Almanac Politics: Who was Anstey?

Way back in September 2011, I had an Almanac posting on a man called Frank Hyett. He played cricket for Carlton in district ranks, as well as playing football for Brunswick in the VFA. Sadly he died in early 1919 a victim of the worldwide influenza break out.


As well as his sporting prowess Frank Hyett was very active in politics. Hyett worked closely with people like John Curtin and Frank Anstey,  One of Hyett’s key activities was in opposing conscription during the First World War. Hyett , Anstey, Curtin with thousands of others worked to oppose conscripting Australia’s young men to fight in this war.  They opposed a Federal Government who proposed the following to the people of Australia.


Are you in favour of the Government having, in this grave emergency the same compulsory powers  over citizens, for the term of this war, outside the Commonwealth as it now has in regard to military service within the Commonwealth


On October 28 1916 a plebiscite of eligible voters was conducted. A majority of votes, 1,160,033, representing 51.61% of the electorate, said No to the government’s proposal. Australia would not conscript its men to fight, and die, overseas. A year later a second plebiscite was held. This time the No vote was even higher.


Sadly we tend to forget these momentous events in our history. Individuals like Frank Anstey and Frank Hyett are not spoken about. Unlike Hyett, Anstey did not have  a claim to fame in the sporting arena but he played a pivotal role in mobilising the community to oppose what Archbishop Mannix so eloquently labelled as “Great Trade War”.  For those of us who have an interest in an honest understanding of our history, we need to share this knowledge.


Next Monday. August 22, there will be a public meeting at St Ambrose Community Centre, 287 Sydney Rd Brunswick looking at the role Frank Anstey played in this vital campaign,  a key part of Australia’s democratic history.


As we approach the centenary of the first plebiscite re conscription, October 28, there will be events taking place to commemorate this important part of Australian democracy. Do yourselves a favour, pop on down to St Ambrose Community Centre next Monday to discover who was Anstey.




  1. Glen – Power Without Glory is my seminal book, and Frank Ashton (the character based on Anstey) is the character I most empathised with when I read the book several times in my teens and twenties. From memory Hardy portrays him as highly principled but corrupted by his moral weakness for the drink. I often think back on uneasy parallels in my own life. Destiny or wish fulfilment?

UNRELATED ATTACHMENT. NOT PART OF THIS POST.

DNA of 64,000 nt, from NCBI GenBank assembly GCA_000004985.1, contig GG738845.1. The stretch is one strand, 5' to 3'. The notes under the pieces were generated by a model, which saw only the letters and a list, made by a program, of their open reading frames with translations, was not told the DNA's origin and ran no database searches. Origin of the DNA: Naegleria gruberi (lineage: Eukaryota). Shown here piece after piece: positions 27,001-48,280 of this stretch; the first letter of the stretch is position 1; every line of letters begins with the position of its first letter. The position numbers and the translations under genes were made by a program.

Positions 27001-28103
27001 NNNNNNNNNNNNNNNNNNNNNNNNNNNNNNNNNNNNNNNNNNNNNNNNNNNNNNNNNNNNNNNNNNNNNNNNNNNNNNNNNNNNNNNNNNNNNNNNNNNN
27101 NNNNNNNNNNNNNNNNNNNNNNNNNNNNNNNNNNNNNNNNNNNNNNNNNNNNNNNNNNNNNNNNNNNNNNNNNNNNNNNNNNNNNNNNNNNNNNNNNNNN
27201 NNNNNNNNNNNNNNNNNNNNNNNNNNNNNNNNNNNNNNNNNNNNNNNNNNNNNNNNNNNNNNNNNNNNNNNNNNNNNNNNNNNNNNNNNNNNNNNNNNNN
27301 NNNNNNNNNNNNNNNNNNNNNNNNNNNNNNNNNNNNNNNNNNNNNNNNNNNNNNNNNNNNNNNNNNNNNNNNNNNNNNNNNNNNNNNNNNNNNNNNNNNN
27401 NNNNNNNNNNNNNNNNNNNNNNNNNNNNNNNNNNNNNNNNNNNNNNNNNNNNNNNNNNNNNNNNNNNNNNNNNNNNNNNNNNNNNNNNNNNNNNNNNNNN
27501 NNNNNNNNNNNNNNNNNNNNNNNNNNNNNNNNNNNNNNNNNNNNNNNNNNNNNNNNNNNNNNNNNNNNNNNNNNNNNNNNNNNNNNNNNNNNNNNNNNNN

Anstey allies with Archbishop Mannix and his money man John Wren over their mutual dislike of the English aristocracy and money power and WW1. Anstey for socialist reasons and Mannix and Wren as Irish Catholic nationalists. My enemy’s enemy is my friend.
    Anstey is a great flawed (aren’t we all) figure in Australian Labor history. His most lasting memorial is his mentoring of a young John Curtin who overcame his weakness for the drink in a way that Anstey didn’t. Anstey burnt his unpublished memoirs not long before his death. Either in a drunken rage or at Wren’s bidding, depending on whether you believe Hardy’s version or not. A great lost archive of the political struggles of the working class in Australia over 50 years in the late 19th and early 20th century.
    Would love to be in Melbourne and attend the meeting on August 22. Congratulations to the organisers on keeping the flame alive.

  2. Steve Hodder says

    Glen, if people are going to the meeting they might like to catch the Upfield line train and get off at Anstey Station and hoof the two blocks south from there.


  3. Spot on Steve.


  4. Well we had a great turnout to our meeting on who was Anstey? Over 70 people attended to hear Professor Peter Love give the talk.

    I said in my post of 16/8 that Frank Anstey had no claim to fame in the sporting arena; he did, slightly. He was the President of the Brunswick Football Club in the VFA.

    On October 28 we commemorate the centenary of the first plebiscite on conscription. Pencil that date in. More events will be forthcoming.


  5. nineofclubs says

    There are some interesting parallels between Frank Anstey and another great Australian, Arthur Calwell.

    Both were committed socialists. Both were Australian nationalists. Both opposed conscription and Australian involvement in foreign imperial wars. Both supported immigration restriction. And Calwell was a foundation member of the North Melbourne football club; he apparently mortgaged his house to help The Roos get off the ground.

    There’s a little-studied thread of Australian nationalist thought which runs through people like Anstey, Jack Lang, John Curtin, Calwell, Eddie Ward and the nationalists of the late 20th century (Alec Saunders etc) that’s now anathema to the socially liberal globalist clique which completely dominates our mainstream media and worldview. This thought-thread is nationalist but not right wing, opposed to the Money Power but not the market, socialist but not Marxist and traditional without being socially conservative.

    In my view, Australia needs this way of thinking back again.

    To the Australian Revolution!


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